Estimation of Complex-Valued Stiffness Using Acoustic Waves Measured with Magnetic Resonance
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Tissue stiffness can be a useful indicator of diseased tissue. Noninvasive quantitation of the mechanical properties of tissue could improve early detection of such pathology. A method for detecting displacement from propagating shear waves using a phase-contrast MRI technique has been developed previously. In this chapter the principles behind the measurement technique are reviewed, and the mechanical properties that can be determined from the displacement data are investigated for isotropic materials. An algebraic inversion approach useful for piecewise homogeneous materials is described in detail for the general isotropic case, which is then specialized to incompressible materials as a model for tissue. Results of the inversion approach are presented for an experimental phantom and in-vivo breast tumor. These results show that the technique can be used to obtain shearwave speed and attenuation in regions where there is sufficient signal-to-noise ratio in the displacement and its second spatial derivatives. The sensitivity to noise is higher in the attenuation estimates than in the shear-wave speed estimates.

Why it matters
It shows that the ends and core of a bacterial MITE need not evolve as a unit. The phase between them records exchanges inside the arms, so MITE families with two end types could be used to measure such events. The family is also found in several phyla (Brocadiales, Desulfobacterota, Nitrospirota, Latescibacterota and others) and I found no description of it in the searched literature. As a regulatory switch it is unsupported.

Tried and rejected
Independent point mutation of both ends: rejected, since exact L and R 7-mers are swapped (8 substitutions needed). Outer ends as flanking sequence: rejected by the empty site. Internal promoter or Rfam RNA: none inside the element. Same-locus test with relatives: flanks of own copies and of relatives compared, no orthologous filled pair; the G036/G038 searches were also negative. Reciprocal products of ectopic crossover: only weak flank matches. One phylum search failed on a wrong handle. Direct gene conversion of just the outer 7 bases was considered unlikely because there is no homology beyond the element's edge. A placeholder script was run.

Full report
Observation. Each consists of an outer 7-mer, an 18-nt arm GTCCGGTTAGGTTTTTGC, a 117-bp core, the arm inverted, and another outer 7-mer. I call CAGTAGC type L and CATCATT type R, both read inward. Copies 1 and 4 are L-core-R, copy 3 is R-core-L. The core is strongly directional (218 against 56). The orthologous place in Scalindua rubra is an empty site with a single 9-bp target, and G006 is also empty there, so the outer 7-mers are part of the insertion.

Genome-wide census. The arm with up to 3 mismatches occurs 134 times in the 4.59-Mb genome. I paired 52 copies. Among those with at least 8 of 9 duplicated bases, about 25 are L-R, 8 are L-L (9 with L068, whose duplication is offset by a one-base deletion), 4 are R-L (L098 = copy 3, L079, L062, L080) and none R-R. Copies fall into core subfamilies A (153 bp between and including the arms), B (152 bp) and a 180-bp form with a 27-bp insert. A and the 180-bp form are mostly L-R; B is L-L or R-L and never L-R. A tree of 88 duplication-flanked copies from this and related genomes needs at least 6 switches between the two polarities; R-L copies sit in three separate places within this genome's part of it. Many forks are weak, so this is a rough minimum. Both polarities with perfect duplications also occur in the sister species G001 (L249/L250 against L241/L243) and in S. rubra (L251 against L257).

KeywordsTransverse Magnetization Bloch Equation Magnetic Resonance Elastography Shear Speed Lagrangian Coordinate System
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